In deciding what law to apply we must examine each issue independently. We proceed first to the question of whether the security interest executed and delivered to the Kentucky bank by Buckeye was invalid for want of consideration. The trial court held that this issue was governed by Kentucky law. We agree with that conclusion but, unlike the trial court, reach it by applying the Federal Aviation Act.


The Federal Aviation Act created a framework for a nationwide system to record certain interests in aircraft and major aircraft components. See 49 U.S.C. § 1401, et seq. (1976). To the extent that state law conflicts with any part of the Act, it is preempted under the power of Congress to regulate interstate commerce. State Securities Co. v. Aviation Enterprises, Inc., 355 F.2d 225, 229 (10th Cir. 1966); Feldman v. Philadelphia National Bank, 408 F.Supp. 24, 36 (E.D.Pa.1976). There is no question that Congress has preempted the field insofar as registration and recording of title instruments affecting commercial aircraft is concerned. Id.; 49 U.S.C. §§ 1401-1403 (1976).


The Act provides that state law shall determine the initial or inherent validity of any instrument recorded under its provisions. Texas National Bank of Houston v. Aufderheide, 235 F.Supp. 599, 603 (E.D.Ark. 1964). The question of whether the security interest of the Lexington bank was supported by consideration is the type of question contemplated by this section. Id. Where more than one state is implicated in the transaction, the law of the state where the instrument is delivered governs. Id.; 49 U.S.C. § 1406 (1976). Because the security agreement was delivered to the Lexington Bank in Kentucky, the Act directs us to apply Kentucky law in determining the validity of the instrument.


Jack Adams argued below that the forebearance on the part of the Lexington bank to sue on its note did not constitute valid consideration because the forebearance was for an indefinite period of time. The district court could find no Kentucky law on this issue. After surveying the majority and minority positions on this question, the district court found the prevailing rule of law to be in Jack Adams' favor. The court held that forebearance for an indefinite period of time did not constitute consideration and that the bank's security interest was therefore invalid.


We believe that the trial court erred in applying the common law rule which requires consideration as a prerequisite to the creation of a security interest.2 We reach this conclusion by applying the Uniform Commercial Code (UCC) as adopted in Kentucky. If there were no Federal Aviation Act, the UCC would govern the creation and validity of a security interest in aircraft. Ky.Rev.Stat. §§ 355.9-302 Comment 8, 9-104 Comment 1 (1970). See Feldman v. Philadelphia National Bank, supra, at 37. Because the Federal Aviation Act incorporates Kentucky law on the issue of the validity of the security interest, the Kentucky UCC should be the source of that reference.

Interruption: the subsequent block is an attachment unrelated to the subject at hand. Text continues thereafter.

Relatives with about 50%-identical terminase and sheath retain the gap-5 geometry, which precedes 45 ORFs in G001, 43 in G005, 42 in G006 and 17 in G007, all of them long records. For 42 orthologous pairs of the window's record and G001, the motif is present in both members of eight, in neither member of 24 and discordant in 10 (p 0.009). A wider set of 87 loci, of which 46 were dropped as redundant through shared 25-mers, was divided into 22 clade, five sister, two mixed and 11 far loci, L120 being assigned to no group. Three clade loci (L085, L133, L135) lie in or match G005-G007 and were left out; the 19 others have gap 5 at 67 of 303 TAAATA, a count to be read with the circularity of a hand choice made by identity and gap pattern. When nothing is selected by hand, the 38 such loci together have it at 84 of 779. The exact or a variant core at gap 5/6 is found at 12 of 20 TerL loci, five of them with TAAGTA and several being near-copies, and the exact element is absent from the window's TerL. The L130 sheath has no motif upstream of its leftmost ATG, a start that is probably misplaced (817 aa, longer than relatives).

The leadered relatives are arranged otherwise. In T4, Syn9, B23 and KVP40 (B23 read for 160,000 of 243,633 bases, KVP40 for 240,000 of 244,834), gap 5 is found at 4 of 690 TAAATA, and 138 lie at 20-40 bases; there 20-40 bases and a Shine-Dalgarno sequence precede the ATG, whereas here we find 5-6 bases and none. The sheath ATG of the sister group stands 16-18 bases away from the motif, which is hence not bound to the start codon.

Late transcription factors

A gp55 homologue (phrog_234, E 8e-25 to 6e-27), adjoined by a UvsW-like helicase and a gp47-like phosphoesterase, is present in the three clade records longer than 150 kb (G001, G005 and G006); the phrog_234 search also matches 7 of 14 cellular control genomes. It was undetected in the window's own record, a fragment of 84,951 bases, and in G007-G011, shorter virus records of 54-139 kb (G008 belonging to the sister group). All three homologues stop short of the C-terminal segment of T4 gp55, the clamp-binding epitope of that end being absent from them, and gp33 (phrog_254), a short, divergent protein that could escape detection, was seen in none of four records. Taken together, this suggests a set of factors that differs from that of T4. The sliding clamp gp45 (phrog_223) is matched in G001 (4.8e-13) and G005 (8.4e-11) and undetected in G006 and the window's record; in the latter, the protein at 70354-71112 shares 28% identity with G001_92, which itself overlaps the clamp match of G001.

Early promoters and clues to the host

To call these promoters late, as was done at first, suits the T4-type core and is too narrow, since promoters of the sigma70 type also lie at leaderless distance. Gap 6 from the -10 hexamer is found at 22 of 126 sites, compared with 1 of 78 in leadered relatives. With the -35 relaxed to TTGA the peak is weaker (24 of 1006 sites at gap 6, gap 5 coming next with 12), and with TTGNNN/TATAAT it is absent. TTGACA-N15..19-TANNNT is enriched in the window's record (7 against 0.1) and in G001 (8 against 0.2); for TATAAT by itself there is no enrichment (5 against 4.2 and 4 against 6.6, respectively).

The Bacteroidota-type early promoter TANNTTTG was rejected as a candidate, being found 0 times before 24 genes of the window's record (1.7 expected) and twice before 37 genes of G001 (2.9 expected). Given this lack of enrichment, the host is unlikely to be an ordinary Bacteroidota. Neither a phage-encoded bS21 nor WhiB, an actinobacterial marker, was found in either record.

The UCC does not require, in the strict common law sense, that consideration be given as a prerequisite for a security interest to attach to collateral only "value" need be given. Ky.Rev.Stat. § 355.9-204 (1970). According to § 1-201, "a person gives value for rights if he acquires them . . . (b) as security for or in total or partial satisfaction of a pre-existing claim." Ky.Rev.Stat. § 355.1-201(44). There can be no question that the Lexington bank gave "value" when it took a security interest in Buckeye's remaining aircraft to secure its preexisting claim. See In re Samuels & Co., 526 F.2d 1238, 1242 (5th Cir. 1976); Sherburne Corp. v. Carter, 133 Vt. 411, 340 A.2d 82 (1975); Barth Bros. v. Billings, 68 Wis.2d 80, 227 N.W.2d 673 (1975); J. White & R. Summers, The Uniform Commercial Code 792 (1972). The security interest attached at that time and was duly perfected when the bank filed the instruments with the FAA. Therefore, the Lexington bank held a properly perfected security interest in the airplane.


Having decided that the Lexington bank possessed a properly perfected security interest in the airplane, we must now determine whether Jack Adams also held a valid security interest in the same collateral. The security interest which he now claims is the same one which he originally executed and delivered to the Dallas bank to cover his purchase price of the aircraft. The Dallas bank assigned the security interest back to Jack Adams upon the satisfaction of the underlying obligation. The Lexington bank argues that the Dallas bank could not validly assign the security interest to Jack Adams, since Jack Adams was the promisor under the original note. When Jack Adams tendered the consideration for the assignment to the Dallas bank, so the argument goes, the underlying obligation was extinguished. By granting judgment to Jack Adams, the trial court judged his security interest to be valid, implicitly rejecting Buckeye's position.